Sunday, December 10, 2006
He's Swinging the Ancestors Now: Legendary Jazz Band Leader Jay McShann Dies
Charlie Parker playing in the McShann Band.
For me, the Kansas City blues painists were funketeers of the highest order, and although it might be called backward-looking revisionism, I can hear in them melodic harbingers of all of the Black American music that follows, right up to Hip Hop. Jay McShann gave Charlie Parker his start and was one of those heroic musical creators who kept the world dancing and snapping their fingers through the harrowing near-death of western civilization that was World War II. So for me great sadness and deep gratitude accompany the passing of Brother McShann at age 90 (or 97 depending on who you ask).
In 1987, McShann visited the studios of Fresh Air and laid down some serious piano. Remember him well by taking another listen to this great musician, bandleader, mentor and vocalist. May he be welcomed into the great swinging party that is going on right now wherever the ancestors are gathered on the other side. We'll miss him.
Fresh Air: 1987 Interview with Jay McSahnn
Friday, December 08, 2006
Get Hip to Shepp: Jazz Legend
Get your dome blown open by the sounds of Jazz saxophonist, educator and activist Archie Shepp profiled this week on the BBC Radio 3's Jazz Legends show with Julian Joseph.
This week on the BBC Radio 3's Jazz Legends, Julian Joseph and James Wyllie profile the tenor saxophonist, educator and activist Archie Shepp. It's a great mini-course on this important "New Wave" Jazz artist, who was also a playwright, philosopher and activist. Mentored by Coltrane in the early 60's Shepp was considered avante-garde, and played on some of his earliest recordings with Free Jazz pianist Cecil Taylor. A historian of the Black musical experience in American, Shepp drew from the full range of African American styles - Blues, Spirituals, Rhythm and Blues, African percussion and electronic. His style is both experimental, lyrical and funky and should be a part of every serious brotha's musical vocabulary. In the late 60's, Shepp, like many other Jazz musicians made the pilgrimage to Paris, to continue working during the difficult years of the British invasion and the rise of Rock. He returned to the U.S. and remains vital today as a performer and professor at the University of Massachusetts. Listen up here.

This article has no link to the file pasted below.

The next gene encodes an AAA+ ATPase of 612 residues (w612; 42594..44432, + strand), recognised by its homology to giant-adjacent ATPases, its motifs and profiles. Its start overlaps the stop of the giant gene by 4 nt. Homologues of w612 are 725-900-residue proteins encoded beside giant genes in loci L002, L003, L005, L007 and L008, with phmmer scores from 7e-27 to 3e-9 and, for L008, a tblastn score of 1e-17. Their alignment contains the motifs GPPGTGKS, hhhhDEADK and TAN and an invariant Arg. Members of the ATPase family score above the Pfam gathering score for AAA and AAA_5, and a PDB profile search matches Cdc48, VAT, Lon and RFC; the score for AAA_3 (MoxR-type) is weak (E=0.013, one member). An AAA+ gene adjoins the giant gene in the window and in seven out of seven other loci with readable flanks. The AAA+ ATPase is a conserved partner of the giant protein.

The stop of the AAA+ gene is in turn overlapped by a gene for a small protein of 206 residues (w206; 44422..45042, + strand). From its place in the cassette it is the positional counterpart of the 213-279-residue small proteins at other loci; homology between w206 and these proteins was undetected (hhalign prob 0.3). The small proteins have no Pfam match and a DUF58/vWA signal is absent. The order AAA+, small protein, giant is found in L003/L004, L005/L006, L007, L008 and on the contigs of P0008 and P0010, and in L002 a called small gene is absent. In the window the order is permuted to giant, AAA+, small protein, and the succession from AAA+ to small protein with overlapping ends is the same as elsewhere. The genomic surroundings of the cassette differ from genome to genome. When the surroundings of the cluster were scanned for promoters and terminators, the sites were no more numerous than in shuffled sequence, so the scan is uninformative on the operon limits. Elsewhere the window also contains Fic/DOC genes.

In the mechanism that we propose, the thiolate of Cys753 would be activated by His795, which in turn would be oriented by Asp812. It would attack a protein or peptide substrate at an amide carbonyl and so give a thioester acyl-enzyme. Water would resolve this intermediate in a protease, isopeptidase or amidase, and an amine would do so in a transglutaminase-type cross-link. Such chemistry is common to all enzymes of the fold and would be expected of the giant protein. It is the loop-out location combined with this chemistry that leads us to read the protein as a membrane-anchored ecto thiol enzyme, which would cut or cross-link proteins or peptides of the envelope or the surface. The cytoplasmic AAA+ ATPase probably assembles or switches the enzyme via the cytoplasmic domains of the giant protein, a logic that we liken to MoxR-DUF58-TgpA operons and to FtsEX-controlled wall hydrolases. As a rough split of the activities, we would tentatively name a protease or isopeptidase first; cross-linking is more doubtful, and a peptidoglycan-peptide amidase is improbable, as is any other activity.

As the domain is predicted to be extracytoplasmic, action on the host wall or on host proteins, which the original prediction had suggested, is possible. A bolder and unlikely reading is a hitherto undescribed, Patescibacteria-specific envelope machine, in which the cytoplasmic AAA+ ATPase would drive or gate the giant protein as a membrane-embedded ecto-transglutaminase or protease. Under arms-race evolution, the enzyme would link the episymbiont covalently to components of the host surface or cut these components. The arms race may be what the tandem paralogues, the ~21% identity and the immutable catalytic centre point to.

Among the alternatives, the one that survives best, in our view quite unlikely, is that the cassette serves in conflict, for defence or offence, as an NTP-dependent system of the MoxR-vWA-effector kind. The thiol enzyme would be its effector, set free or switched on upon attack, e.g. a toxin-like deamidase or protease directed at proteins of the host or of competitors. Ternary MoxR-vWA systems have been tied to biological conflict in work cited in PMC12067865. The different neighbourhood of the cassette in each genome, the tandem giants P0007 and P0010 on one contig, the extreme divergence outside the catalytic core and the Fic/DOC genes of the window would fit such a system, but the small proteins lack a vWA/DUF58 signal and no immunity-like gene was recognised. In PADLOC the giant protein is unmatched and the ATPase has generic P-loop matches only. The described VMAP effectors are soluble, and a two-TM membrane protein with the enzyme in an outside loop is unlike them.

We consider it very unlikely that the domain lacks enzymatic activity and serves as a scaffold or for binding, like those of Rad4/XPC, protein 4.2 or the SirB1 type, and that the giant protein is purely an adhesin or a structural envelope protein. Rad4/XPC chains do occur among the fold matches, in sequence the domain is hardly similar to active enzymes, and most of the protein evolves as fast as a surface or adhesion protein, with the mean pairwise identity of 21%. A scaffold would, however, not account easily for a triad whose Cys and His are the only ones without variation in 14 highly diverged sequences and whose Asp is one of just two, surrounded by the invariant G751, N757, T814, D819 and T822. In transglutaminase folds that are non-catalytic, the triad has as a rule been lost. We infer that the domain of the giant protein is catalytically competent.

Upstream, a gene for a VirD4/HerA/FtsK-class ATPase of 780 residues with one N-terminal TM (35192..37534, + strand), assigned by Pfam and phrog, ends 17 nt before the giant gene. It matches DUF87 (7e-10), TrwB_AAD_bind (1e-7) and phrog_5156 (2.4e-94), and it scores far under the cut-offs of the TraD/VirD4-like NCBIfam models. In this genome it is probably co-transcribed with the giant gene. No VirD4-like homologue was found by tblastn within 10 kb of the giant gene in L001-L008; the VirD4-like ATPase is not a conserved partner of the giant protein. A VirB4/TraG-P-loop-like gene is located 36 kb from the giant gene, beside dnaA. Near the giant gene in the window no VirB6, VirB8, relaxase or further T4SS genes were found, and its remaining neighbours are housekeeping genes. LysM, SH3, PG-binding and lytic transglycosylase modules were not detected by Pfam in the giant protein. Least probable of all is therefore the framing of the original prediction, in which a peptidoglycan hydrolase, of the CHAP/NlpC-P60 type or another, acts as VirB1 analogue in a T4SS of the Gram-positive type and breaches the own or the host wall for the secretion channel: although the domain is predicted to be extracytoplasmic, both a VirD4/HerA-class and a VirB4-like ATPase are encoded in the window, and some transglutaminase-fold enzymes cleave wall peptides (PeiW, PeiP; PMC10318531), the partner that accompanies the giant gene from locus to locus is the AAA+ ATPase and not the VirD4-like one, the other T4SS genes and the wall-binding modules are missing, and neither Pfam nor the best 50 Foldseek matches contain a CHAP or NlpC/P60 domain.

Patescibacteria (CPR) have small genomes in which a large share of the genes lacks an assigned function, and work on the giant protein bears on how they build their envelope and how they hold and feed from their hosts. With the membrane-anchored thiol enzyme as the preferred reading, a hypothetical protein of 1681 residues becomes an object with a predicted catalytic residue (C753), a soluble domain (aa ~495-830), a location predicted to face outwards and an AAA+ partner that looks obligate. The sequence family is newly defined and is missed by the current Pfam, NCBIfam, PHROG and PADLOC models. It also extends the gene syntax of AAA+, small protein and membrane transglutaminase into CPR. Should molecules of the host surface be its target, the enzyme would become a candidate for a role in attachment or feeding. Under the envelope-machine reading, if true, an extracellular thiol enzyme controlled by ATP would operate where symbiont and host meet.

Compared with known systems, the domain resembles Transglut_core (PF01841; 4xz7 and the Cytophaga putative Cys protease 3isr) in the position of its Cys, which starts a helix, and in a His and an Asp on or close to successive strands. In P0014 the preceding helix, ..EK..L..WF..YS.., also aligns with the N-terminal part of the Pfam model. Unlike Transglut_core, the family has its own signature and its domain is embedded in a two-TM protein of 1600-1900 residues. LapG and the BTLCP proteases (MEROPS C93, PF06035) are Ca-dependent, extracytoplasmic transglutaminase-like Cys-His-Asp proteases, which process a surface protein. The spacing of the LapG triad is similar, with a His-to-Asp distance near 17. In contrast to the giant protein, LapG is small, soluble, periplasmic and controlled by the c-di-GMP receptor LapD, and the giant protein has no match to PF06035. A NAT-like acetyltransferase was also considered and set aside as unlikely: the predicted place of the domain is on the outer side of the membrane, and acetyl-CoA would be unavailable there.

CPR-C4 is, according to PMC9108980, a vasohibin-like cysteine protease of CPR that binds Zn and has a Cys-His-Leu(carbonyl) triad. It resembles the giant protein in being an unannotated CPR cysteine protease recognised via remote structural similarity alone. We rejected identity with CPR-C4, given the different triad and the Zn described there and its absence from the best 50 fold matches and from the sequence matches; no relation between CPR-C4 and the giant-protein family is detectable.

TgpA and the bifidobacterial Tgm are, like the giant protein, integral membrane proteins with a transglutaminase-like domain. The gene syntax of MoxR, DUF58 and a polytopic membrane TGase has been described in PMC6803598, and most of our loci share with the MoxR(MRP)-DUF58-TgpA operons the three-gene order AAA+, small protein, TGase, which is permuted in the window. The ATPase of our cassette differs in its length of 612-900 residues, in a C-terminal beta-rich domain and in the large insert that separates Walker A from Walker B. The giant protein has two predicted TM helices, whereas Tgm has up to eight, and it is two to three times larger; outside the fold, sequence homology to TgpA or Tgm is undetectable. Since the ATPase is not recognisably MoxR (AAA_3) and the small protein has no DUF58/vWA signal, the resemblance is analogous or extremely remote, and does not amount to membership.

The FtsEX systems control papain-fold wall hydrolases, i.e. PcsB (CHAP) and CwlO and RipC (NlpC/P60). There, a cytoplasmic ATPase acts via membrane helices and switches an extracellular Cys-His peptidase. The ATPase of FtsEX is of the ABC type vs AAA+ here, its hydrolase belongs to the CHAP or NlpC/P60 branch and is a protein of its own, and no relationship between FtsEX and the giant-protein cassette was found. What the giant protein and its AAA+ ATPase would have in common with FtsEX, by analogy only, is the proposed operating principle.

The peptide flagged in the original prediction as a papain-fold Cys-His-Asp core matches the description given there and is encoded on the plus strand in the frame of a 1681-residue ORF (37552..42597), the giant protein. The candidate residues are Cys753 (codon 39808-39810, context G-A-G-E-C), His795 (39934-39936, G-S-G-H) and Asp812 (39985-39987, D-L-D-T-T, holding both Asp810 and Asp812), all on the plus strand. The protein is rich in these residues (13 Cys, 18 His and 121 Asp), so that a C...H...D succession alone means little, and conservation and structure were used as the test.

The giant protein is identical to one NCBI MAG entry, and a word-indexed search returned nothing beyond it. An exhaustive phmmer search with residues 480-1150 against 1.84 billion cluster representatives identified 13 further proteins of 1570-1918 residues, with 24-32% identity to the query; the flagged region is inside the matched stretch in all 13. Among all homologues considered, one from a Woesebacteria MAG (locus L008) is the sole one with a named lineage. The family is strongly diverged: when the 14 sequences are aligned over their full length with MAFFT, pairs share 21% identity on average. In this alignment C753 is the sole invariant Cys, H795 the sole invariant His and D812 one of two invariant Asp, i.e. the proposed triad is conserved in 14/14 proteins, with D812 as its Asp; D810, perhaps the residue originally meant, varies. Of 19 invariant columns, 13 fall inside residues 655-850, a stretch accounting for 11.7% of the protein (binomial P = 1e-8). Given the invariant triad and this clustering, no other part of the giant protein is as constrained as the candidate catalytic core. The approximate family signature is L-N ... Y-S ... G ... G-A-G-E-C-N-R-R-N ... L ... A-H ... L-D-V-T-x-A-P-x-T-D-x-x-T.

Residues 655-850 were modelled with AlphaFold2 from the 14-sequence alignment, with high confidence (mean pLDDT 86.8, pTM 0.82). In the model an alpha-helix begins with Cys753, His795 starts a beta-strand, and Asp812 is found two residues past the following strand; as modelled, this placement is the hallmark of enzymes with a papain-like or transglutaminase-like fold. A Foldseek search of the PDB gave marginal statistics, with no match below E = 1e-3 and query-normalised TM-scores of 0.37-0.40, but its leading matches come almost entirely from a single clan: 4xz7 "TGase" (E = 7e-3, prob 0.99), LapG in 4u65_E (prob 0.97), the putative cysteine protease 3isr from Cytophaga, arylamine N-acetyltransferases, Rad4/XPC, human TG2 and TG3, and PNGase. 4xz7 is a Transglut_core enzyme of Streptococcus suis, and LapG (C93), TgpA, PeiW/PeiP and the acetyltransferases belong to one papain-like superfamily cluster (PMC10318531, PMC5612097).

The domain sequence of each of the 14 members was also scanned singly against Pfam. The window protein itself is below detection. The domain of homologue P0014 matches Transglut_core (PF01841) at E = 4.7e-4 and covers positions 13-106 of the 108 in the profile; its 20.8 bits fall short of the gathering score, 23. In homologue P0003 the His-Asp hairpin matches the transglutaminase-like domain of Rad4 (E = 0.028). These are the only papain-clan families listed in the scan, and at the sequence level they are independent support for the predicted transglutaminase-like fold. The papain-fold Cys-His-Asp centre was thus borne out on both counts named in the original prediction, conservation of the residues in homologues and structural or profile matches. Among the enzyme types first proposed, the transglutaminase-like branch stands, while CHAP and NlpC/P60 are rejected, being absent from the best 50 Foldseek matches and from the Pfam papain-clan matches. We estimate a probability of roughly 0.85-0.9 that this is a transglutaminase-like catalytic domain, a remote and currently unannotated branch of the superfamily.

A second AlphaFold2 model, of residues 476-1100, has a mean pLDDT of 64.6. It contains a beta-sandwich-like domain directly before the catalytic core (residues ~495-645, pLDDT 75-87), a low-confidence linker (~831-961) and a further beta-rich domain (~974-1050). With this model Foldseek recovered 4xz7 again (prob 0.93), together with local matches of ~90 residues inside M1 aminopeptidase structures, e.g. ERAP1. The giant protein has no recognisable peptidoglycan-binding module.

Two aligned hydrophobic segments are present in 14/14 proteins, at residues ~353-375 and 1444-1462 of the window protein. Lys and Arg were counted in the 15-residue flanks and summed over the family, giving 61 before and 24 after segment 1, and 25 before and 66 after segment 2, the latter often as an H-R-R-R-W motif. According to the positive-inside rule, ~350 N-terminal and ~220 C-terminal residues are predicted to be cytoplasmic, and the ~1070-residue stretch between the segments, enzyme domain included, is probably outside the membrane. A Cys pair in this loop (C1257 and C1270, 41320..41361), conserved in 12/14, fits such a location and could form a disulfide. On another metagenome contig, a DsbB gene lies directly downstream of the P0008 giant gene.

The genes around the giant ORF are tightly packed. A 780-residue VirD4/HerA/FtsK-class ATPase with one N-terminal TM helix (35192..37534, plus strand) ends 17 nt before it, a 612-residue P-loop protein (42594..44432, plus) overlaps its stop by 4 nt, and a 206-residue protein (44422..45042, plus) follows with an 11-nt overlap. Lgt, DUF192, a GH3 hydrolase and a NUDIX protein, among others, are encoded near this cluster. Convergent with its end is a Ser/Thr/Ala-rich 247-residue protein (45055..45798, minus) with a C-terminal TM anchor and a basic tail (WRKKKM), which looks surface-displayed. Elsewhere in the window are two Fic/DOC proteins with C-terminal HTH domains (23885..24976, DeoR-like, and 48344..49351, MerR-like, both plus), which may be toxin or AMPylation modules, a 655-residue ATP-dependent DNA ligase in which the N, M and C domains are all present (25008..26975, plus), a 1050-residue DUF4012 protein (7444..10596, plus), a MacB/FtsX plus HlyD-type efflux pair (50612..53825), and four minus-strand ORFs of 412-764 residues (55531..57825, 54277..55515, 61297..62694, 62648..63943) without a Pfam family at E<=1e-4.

Thursday, December 07, 2006
Kweisi Mfume on Black Stereotypes
"We are still living with the entirely untrue racist labels placed on African-Americans hundreds of years ago. We [African-Americans] do not enjoy sitting on our porches, nor do we frequently drink malt liquor from 40-ounce bottles. We do not wear our hats backward, nor our pants with one leg bunched up, and we certainly wear more than just Fila and FUBU. We love to swim. Also, few of us are afraid of dogs. Our hair is not nappy, our buttocks not big, our noses and lips not wide, and our legs are plenty hairy. Our elbows, knees, and heels are smooth and moist. We are not prone to stealing things and we think white women are ugly. We never buy cheap cars and put expensive stereo systems in them. As for the stereos we have, we always keep them playing at a courteous level. As for the cars, we always drive with our seats up and both hands on the wheel. We rarely use swear words, and our grammar is always perfect. The great majority of us think Snoop Dogg is lewd and inappropriate. We never call women derogatory names like “bitches” or “hos.” We do not smoke Kool and most of us have never heard of Newport.